This is something you only use the app for measuring the numbers for. Don’t look for a particular workout. Make sense?


Selecting the right gear can be a bit of an art, but makes a big difference. Did you spin out, or have trouble getting the cadence up? Did you start with a high cadence so your legs were getting cooked before you started the effort.Did you use your core, arms, shoulders? These may be some of the questions you can ask yourself to help you unravel the challenge

Violator. Yes, bit more than 4 but it’s good for you :grinning:


The froth from my mouth and blood from my eyes tend to distract me from what’s actually happening on the screen (I’m only half-joking… between the software’s selection of the best 5-sec window and with my concentration on so many other things, I may not even have my eyes open when doing this. Ummm, not a good habit to bring outdoors, I must admit).

But I get your point - just suss out a best guess based on what I’m seing.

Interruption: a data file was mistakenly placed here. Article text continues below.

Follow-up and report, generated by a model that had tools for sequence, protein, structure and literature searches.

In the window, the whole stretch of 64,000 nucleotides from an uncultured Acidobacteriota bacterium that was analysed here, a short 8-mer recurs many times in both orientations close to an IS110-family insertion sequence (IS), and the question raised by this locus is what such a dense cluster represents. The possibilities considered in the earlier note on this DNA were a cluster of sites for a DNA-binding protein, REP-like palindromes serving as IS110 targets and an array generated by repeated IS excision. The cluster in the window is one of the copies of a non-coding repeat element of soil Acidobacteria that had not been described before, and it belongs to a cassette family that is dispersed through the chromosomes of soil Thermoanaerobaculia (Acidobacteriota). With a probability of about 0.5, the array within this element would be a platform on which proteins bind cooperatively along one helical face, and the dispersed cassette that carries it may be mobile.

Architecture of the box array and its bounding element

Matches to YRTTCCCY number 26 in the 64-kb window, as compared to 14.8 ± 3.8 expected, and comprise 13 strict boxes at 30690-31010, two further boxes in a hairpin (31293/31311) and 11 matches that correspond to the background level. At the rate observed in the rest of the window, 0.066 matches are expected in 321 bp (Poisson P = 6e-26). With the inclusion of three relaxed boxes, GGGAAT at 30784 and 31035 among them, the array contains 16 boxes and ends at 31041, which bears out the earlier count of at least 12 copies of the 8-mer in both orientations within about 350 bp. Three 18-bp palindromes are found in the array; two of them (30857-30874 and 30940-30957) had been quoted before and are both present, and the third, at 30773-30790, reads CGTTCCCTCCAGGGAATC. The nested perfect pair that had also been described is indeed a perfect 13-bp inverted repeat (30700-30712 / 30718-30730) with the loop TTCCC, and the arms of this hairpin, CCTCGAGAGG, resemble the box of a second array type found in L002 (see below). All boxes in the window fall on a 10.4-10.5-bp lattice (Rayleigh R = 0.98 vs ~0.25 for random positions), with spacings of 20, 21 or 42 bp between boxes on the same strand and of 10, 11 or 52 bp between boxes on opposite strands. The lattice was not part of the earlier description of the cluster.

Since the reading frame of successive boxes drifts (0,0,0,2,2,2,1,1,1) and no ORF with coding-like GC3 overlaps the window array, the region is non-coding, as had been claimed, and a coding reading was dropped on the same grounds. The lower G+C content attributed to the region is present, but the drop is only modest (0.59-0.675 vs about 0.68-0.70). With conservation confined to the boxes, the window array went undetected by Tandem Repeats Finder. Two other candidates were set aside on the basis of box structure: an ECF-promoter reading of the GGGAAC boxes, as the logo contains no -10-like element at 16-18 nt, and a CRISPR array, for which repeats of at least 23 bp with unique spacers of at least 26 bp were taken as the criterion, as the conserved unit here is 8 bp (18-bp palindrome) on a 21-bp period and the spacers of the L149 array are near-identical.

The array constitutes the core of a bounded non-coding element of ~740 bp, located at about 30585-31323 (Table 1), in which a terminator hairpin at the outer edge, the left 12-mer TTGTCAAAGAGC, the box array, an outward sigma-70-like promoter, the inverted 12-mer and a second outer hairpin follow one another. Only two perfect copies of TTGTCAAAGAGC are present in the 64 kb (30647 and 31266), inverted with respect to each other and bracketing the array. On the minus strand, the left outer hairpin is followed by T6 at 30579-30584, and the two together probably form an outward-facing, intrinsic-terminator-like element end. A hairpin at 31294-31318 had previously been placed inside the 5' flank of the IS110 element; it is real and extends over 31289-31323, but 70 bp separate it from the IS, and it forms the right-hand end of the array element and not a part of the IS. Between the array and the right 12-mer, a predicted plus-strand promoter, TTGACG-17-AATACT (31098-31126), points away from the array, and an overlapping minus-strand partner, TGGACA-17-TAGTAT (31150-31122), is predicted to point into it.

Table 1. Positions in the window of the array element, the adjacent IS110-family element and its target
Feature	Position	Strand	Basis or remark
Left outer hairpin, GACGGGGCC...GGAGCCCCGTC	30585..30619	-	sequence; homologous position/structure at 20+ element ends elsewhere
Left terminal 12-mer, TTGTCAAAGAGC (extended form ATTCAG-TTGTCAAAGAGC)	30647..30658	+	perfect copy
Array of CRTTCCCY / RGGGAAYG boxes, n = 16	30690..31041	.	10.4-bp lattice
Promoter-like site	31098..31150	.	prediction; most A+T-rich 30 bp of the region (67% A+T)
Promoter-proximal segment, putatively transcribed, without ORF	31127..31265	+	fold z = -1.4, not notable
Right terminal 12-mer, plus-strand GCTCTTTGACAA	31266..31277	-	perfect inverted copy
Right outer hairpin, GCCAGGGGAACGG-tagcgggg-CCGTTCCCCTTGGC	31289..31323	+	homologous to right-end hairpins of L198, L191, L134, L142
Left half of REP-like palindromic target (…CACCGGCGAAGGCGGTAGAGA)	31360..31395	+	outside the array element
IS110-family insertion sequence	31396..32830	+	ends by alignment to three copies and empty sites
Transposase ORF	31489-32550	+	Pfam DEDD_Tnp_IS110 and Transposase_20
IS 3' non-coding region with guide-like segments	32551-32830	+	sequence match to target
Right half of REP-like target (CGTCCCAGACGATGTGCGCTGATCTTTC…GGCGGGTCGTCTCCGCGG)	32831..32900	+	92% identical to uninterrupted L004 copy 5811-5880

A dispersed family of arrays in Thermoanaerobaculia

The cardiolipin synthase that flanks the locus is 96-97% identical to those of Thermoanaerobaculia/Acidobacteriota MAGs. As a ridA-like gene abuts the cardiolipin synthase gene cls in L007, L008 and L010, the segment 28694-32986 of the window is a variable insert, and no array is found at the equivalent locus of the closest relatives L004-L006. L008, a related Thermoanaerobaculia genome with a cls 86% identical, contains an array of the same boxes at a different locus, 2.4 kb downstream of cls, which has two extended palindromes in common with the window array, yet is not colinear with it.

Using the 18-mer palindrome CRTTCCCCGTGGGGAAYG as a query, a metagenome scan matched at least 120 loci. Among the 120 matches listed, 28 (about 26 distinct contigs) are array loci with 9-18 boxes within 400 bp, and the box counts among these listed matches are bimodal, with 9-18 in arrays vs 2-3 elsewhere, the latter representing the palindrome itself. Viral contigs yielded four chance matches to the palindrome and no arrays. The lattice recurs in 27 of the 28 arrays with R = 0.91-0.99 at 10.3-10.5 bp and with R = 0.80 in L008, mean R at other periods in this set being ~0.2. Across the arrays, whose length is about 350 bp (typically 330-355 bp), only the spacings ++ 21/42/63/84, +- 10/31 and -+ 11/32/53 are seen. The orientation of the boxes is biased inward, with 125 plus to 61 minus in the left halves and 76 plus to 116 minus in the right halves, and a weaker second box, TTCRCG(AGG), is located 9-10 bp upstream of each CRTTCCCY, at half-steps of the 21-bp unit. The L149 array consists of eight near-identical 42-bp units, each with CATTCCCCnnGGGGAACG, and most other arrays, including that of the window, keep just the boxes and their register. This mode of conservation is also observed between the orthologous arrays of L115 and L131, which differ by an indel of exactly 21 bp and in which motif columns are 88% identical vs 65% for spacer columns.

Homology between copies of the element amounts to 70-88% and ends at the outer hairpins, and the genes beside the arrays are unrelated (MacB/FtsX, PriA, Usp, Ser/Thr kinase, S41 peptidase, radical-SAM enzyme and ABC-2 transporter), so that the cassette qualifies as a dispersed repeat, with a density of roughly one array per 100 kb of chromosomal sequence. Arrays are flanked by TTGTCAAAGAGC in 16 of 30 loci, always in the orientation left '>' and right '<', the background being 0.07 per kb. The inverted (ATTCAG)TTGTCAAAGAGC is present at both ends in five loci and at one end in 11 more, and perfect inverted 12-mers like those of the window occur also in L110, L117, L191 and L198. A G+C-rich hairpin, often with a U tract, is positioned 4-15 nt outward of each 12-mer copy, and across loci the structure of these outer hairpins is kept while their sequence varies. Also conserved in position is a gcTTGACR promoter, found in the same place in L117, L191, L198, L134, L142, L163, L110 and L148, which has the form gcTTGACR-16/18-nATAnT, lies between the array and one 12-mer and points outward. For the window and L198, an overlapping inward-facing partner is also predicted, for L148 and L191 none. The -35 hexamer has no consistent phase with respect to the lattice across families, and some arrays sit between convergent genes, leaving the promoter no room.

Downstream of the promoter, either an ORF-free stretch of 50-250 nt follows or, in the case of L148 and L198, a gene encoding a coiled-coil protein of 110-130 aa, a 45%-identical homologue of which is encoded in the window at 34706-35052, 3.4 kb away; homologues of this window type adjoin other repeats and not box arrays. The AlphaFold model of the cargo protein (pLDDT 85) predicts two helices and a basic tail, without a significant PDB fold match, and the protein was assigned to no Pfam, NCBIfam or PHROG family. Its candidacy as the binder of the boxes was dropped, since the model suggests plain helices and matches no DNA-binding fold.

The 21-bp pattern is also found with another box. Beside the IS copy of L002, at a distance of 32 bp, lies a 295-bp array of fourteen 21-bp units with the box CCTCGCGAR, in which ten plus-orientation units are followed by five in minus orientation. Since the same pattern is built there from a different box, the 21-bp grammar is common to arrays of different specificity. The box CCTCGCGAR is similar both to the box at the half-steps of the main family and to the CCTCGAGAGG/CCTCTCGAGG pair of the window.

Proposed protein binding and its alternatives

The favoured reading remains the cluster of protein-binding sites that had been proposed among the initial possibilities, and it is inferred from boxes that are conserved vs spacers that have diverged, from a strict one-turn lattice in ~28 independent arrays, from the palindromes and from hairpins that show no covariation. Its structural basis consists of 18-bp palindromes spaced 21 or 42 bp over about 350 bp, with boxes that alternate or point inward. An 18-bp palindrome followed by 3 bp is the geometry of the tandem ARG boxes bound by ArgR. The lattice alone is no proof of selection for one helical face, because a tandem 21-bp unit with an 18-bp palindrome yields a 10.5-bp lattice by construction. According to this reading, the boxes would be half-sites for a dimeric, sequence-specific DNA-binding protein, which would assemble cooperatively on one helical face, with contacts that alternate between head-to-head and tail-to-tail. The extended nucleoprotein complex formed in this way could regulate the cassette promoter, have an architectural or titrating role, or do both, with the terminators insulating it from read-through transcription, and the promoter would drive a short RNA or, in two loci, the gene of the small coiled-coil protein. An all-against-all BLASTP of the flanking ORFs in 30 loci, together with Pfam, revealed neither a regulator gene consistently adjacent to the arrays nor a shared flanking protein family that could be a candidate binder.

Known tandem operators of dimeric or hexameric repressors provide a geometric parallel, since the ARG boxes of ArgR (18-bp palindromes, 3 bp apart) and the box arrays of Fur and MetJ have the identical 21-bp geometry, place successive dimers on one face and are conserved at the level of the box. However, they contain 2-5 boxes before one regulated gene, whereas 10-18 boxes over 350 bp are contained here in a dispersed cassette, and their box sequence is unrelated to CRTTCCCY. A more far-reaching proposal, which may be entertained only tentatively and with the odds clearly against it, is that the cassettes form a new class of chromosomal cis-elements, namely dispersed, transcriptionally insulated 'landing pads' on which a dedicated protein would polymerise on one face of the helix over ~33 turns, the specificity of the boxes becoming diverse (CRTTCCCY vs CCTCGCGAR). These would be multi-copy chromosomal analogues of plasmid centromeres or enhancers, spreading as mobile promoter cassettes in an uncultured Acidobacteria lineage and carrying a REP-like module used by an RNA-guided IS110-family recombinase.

Violator is coming up in 5 days on my AC/NM Building block plan. I am not so sure it’s going to be “good” for me.

Out of my own experience I will say that you can make huge gains in your NM just by honing your body mechanics.

Just before the sprint starts I move my body back in the saddle, choose the right gear, and as soon as it’s go-time I kinda throw myself to the front of the bike and onto my handlebars.
The energy from the movement needs to go into the pedals. Keep your core tight.
With this burst of power I try to hold on for dear life. Especially for such small sprints as in Full Frontal the time will fly by no problem.

Another reason for sub-par power output could be your trainer. Do you have one where the resistance ramps up automatically as your power and cadence increases?
Do you feel it supports your effort or holds you back?

1 Like